Photographing Alaska’s Dogs

Photographing Alaska’s Dogs

Reporter Nick Bowman of the Ketchikan Daily News will have his first photography showing on March 3 at the Main Street Gallery.

What grabbed his attention enough to make a whole exhibit?


“I love shooting people but dogs are pretty special,” Bowman said. “And there’s just a lot to play with, the texture and the color of the fur, the myriad of color patterns dogs have. Obviously there’s a lot of variation of people too but you really can create some beautiful pictures of dogs.”

Dogs weren’t initially his focus when he first picked up a camera. He took photos for work, and learned through trial and error as he snapped sports, portraits and feature photos. Eventually, he found enjoyment in it, and outside of odd jobs he took, he then turned his lens to his corgi Charlie as his first dog model.

“My dog-trainer friend Danelle Landis and I decided to visit the Ketchikan Gateway Borough’s animal shelter to take portraits of dogs that could be used to advertise them to the community,” Bowman said. “The shelter staff are busy people and only had phones or low-quality cameras to use for the dogs, so we worked together to get nicely lighted, positive pictures. We put them on Facebook and ended up getting five or six dogs adopted that way, enough to empty the shelter for a little bit.”

His project grew from there. He pitched his idea of an entire dog gallery to Ketchikan’s Main Street Gallery and got accepted. He had friends whose dogs he knew he wanted to shoot, but he opened the opportunity up to Ketchikan’s dog-related Facebook community. People in person or text sometimes approached him to shoot their dogs.

“I’ve never seen quite the number of dogs as I have in Ketchikan,” Bowman said.

Shoot times could range anywhere between 10 minutes and two hours.

“Some of [the dogs] absolutely refuse to play ball with you,” he said.

He could motivate his own dogs (the other is a mini Australian shepherd named Holly) to cooperate with treats. Some dogs reacted like his, but others were encouraged more by toys or their owner’s presence. Bowman found it useful to get down on the dog’s level to take a shot, but would run into the problem of the dog wanting to come up an investigate him, getting slobber and wet noses all over him and his camera. Some dogs just don’t like a camera pointed at them, he found. But he discovered most problems can be alleviated with spending a little time to get to know the dog before the shoot.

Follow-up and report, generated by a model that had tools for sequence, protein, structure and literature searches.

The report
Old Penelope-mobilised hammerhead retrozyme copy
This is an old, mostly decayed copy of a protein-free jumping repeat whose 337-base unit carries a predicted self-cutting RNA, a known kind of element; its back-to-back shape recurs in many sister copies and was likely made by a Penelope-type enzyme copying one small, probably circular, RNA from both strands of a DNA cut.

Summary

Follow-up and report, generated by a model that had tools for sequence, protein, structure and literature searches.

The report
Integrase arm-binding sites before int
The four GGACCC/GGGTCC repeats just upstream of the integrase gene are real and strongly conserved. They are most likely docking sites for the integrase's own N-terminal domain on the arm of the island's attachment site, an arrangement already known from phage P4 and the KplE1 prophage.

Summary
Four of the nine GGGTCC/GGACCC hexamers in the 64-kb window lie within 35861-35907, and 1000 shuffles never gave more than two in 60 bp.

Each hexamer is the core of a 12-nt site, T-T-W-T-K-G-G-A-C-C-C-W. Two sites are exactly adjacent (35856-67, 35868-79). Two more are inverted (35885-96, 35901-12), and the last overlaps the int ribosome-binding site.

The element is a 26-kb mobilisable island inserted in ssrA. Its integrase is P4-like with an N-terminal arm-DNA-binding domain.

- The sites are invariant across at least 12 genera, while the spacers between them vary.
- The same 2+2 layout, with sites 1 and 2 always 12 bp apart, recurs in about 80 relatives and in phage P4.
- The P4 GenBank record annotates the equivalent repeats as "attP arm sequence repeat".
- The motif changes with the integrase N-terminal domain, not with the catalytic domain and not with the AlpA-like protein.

One of the dogs he initially had in mind for the gallery was Booker, the now retired drug-sniffing dog of the Ketchikan Police Department. He will be one of the three anchors of the show, Bowman said. He’s putting up about 71 prints; the 32 bigger ones will be in the main portion of the gallery, and on the back wall strung on clotheslines he plans to hang up 39 smaller prints. Everyone who participated in the show will be featured, he said.

So far, none of the shots have been made public prior to the opening of the exhibit (all photos featured here are unused gallery images and behind the scene shots). Another unused gallery image will run in Bark Magazine, he said.

“It’s a lot of fun,” Bowman said about photographing dogs. “It’s kind of a cliché but people are always anxious and self-conscious and worried about what how their hair looks, worried about their posture, worried about if they have a double-chin going on … that’s all stuff we read and we pick up on and it shows through in pictures. With dogs they’re always just so present. When you’re there shooting them they’re not worried about anything … It’s just a joy to flip through all these pictures of dogs who are as happy as can be about being alive, being around their owners and being in Ketchikan.”

Bowman’s exhibit “Family” will be up from March 3-31. His website is

Photographing Alaska’s Dogs
Photographing Alaska’s Dogs

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